Q. What do you think is distinctive about The Aeronautical Journal?

A. The Aeronautical Journal (in its various previous forms) is the longest-running scientific journal devoted to Aeronautics. This gives it a unique sense of history while at the same time having a track record of always being at the forefront of applied science. The Royal Aeronautical Society is one of the largest professional bodies in Aerospace and many of its members are actively engaged in the Journal. Thus, it benefits greatly from a vast body of experience across all aspects of aerospace.


Q. What are some of the challenges facing the field today?

A. Aeronautics has to face the challenge of climate change. To make air travel sustainable, innovative engineering solutions are required in all areas of aerospace technology. Given the interdisciplinary nature of this challenge, developments in one technology field can have a significant impact on another. The Journal’s multidisciplinary nature, in particular, can play a key role here in helping the community develop the innovative solutions needed.


Q. In what new directions might the field go?

A. It is always difficult to predict the future. After almost a century of classic ‘tube-and-wing’ aircraft, the temptation is to assume that this layout is here to stay. But there are signs that some more radical steps and changes may be imminent. For example, we may see alternative fuels leading to very different solutions for propulsion which in turn would have an effect on the way aircraft are designed and shaped.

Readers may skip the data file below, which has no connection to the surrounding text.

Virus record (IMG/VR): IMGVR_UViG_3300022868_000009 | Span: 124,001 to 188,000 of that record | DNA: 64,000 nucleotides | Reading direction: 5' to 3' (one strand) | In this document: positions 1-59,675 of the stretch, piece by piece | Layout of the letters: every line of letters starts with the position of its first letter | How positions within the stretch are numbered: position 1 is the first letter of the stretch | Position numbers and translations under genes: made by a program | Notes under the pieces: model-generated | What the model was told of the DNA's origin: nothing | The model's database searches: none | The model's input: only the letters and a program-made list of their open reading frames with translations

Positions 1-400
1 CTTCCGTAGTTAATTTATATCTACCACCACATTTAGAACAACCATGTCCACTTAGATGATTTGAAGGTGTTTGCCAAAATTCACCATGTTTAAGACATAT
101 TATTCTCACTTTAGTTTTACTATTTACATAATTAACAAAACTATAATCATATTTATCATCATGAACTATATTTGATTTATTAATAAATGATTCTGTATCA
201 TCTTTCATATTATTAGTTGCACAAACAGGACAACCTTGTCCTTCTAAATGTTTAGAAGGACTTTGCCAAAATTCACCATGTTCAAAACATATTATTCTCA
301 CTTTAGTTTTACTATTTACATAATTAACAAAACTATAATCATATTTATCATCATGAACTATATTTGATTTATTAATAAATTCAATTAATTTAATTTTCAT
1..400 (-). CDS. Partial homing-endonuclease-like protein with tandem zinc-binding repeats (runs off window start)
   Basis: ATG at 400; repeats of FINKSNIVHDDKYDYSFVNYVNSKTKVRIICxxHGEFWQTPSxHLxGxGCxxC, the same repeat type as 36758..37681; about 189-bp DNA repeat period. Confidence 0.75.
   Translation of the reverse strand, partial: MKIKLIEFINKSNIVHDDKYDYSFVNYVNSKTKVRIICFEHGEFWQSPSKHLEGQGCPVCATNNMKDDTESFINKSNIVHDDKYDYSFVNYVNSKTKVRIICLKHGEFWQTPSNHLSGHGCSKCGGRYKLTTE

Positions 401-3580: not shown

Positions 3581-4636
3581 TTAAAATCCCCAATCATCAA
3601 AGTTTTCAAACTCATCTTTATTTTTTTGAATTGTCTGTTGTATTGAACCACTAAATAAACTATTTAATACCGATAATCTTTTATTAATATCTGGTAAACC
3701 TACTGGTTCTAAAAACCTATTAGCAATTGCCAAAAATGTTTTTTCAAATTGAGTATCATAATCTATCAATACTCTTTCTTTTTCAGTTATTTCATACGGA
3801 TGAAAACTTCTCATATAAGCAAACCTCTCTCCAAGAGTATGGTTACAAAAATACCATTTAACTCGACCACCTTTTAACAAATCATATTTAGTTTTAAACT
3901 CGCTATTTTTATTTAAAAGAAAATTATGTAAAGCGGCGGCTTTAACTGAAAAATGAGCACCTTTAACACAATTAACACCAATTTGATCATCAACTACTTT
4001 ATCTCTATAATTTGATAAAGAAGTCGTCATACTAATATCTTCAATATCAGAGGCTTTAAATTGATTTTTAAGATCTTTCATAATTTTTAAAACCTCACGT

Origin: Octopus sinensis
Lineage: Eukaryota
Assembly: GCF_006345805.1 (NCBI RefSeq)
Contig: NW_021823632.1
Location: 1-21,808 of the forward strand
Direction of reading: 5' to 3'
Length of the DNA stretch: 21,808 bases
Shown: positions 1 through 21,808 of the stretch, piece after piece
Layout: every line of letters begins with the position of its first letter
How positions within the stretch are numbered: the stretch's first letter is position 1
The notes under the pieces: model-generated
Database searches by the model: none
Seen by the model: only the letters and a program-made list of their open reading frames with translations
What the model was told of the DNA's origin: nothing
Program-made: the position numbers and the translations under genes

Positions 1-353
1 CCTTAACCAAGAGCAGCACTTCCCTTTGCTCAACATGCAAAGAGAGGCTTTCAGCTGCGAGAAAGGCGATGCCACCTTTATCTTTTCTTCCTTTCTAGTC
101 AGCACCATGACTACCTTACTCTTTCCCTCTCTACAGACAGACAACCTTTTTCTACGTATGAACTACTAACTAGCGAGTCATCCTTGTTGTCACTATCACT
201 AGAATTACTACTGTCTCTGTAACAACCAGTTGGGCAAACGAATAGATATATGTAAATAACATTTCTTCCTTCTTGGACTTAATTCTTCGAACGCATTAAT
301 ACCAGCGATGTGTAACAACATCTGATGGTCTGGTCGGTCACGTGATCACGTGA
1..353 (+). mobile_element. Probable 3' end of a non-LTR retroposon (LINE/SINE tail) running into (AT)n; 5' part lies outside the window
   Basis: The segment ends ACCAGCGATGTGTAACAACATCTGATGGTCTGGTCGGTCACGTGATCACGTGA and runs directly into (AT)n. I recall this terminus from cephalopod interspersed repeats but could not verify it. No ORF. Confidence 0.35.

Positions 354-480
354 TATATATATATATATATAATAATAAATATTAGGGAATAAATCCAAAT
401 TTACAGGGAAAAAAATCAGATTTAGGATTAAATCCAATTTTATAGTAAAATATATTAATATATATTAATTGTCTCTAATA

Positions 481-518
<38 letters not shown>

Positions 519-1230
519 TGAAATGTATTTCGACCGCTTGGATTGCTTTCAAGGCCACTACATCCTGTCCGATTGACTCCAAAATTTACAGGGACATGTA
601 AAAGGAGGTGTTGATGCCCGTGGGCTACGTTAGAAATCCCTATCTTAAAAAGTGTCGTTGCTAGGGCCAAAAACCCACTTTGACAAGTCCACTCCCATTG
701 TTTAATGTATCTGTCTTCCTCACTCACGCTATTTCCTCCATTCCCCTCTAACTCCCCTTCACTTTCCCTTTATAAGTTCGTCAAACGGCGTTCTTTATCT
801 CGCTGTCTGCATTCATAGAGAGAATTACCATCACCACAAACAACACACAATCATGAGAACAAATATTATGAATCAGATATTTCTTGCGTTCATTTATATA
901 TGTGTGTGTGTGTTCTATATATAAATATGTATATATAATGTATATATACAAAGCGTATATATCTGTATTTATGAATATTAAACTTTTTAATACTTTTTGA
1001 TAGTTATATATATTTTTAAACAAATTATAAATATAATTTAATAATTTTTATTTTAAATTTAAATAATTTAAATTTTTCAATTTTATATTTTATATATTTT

Q. What attracted you to the field of aerodynamics?

A. Fluid flow is all around us, whether it is the water running from your tap or the weather. Despite this familiarity, there are many counter-intuitive and puzzling processes. I have always found it fascinating that such fundamental physics has a direct impact on how vehicles are shaped and how they perform and this really is at the heart of aerodynamics.


Q. Why should authors publish in The Aeronautical Journal?

A. The Journal has a wide readership across the globe and is particularly well-established in the aerospace industry. Our Associate Editors are experts across the range of aeronautical topics and we have just seen several years of improving impact figures.


We would like to make the following article free to access until 30th November 2018: Chanzy, Q. and Keane, A. ‘Analysis and experimental validation of morphing UAV wings’.

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